Much talks have been initiated about Bengaluru being the next Silicon Valley hub especially since it holds innate advantages of diversity, which a Silicon Valley in Israel or japan could not be graced with.
But how true is the notion that Bengaluru is a place of diversity and do we have the necessary conditions to believe that either Bengaluru or any other city in India can be regarded as the Silicon Valley of India?
Chances are high. But the Silicon Valley is seven decades old and that has given us enough time to look at some factors which have become quite obvious.
This is no longer the case in the US. But in India and many other European countries employment is still being dangerously considered as a relationship between two parties; one takes a servant attitude towards a company and pledges a lifetime for it and the company vows to protect the individual, ensure his economic stability and provide for his retirement.
This attitude prevents us from seeing that at the end it is just about economic exchange. This also gets complemented with the notion that a person is expected to get an employment as soon as he graduates. That happens because employment is mixed with work, which is just not true. You do not need to be an employee in order to do work. The less we identify our career as a set of years spent with company and more with actual work being done, the more the propensity to initiate side projects based on the various skills that you have acquired throughout your work, which could eventually lead to creation of a startup.
Firing people in India is more difficult than in Europe. I can barely recall a company that has been firing people based on performance. India’s rigid employment laws, although not as rigid as Europeans, ensure that firing is not exactly an easy bureaucratic process. And we know that startups don’t have the time to deal with overly bureaucratic processes.
If India is to get closer towards creating a Silicon Valley, then it has to take both proactive and aggressive approach in finally shedding off the Anglo-Saxon legal framework from the pre-independence era. Many VCs in the US have explicitly told me that they couldn’t invest in India despite the massive potential because the webbed legal framework ads up for the confusion and uncertainty.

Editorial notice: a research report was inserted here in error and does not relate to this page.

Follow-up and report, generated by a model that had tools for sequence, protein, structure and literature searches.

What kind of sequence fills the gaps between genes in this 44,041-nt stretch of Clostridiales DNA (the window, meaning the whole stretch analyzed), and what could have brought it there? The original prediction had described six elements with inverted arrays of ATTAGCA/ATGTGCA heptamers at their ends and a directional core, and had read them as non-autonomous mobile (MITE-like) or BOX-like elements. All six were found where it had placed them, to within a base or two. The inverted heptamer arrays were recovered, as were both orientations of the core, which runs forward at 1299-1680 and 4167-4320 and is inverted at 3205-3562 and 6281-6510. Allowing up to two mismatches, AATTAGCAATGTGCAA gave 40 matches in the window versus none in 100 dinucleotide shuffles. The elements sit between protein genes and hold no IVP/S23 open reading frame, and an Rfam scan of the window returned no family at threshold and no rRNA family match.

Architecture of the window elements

Further on, the change of law is not only needed in the financial aspects of running a company or incorporation (which is still a tedious process in India, even harder to close a company). Despite what it initially seems, India doesn’t have an elaborate policy for attracting migration apart from mere tourism.
It would be good to see that the country is soon introducing its own startup of entrepreneurship visa not to attract more people visiting Taj Mahal, but also to explicitly make a statement that the country has never been more opened and inviting for foreign makers and founders. That too, a startup visa which doesn’t provide merit on the basis of a famous college degree or employment in large existing corporation in order to be granted.
This might seem contradictory, considering that India brags more and more of both domestic and foreign VC funds gracing this land.
However, the reality is that there are very few professional VC houses operating in India. Most of the capital is made of former Fortune-500 companies, now turned angel investors who unfortunately never had significant experience maneuvering through the tidal waters of a startup journey.
Just like startup founders, professional VCs are not exactly the corporate executive type of people. They are in fact former tech enthusiasts and founder themselves, who were supposed to do something else but ended up doing something else instead.
India is still deeply rooted in the idea that each person has a single definite occupation (probably drawing roots from the caste system and the old Vedic way of life). A child in India decides (or rather gets decided on his behalf) his future education in a medical college or engineering straight from high school or even earlier. If that doesn’t happen, the child and the parents end up terrified.
Contrary to US, India is a country that deeply appreciates stability and status quo. But in terms of economies which keep getting more and more liquid, this turns out to be a disadvantage. There is rarely any successful startup founder who has followed a linear course throughout his lifetime. More often than not, this is exactly what has brought him to the set of skills the connections and the know-how to start a company.
You cannot choose startup founder as a career straight from high school. People at that early age tend to choose more conservatively – things like a doctor or an engineer, in other words things that are proven to work. On the other hand, not knowing what to do, not knowing what your options are might look demoralising but at least it keeps your mind open.
To create another Silicon Valley, you need to bring the critical mass of smart people in one place and persuade them to stay in it. How do you do that? By exquisite care of urban planning and maintaining the persona for each city. The kind of people who create Silicon Valley types of companies belong to a special subset of the creative class. They don’t like long commutes or huge malls. They like cultural centres, green libraries, and biking tracks.
There is something opposite happening in most Indian metros these days. Individual building holding legacies and urban zest over decades back are now being stomped by same-looking grey residential buildings in the suburbs. Such people don’t like living in suburbs. To attract them, Indian cities must do startup-first urban planning – keep the city vibrant and design a town that puts cars last.
(Disclaimer: The views and opinions expressed in this article are those of the author and do not necessarily reflect the views of YourStory.)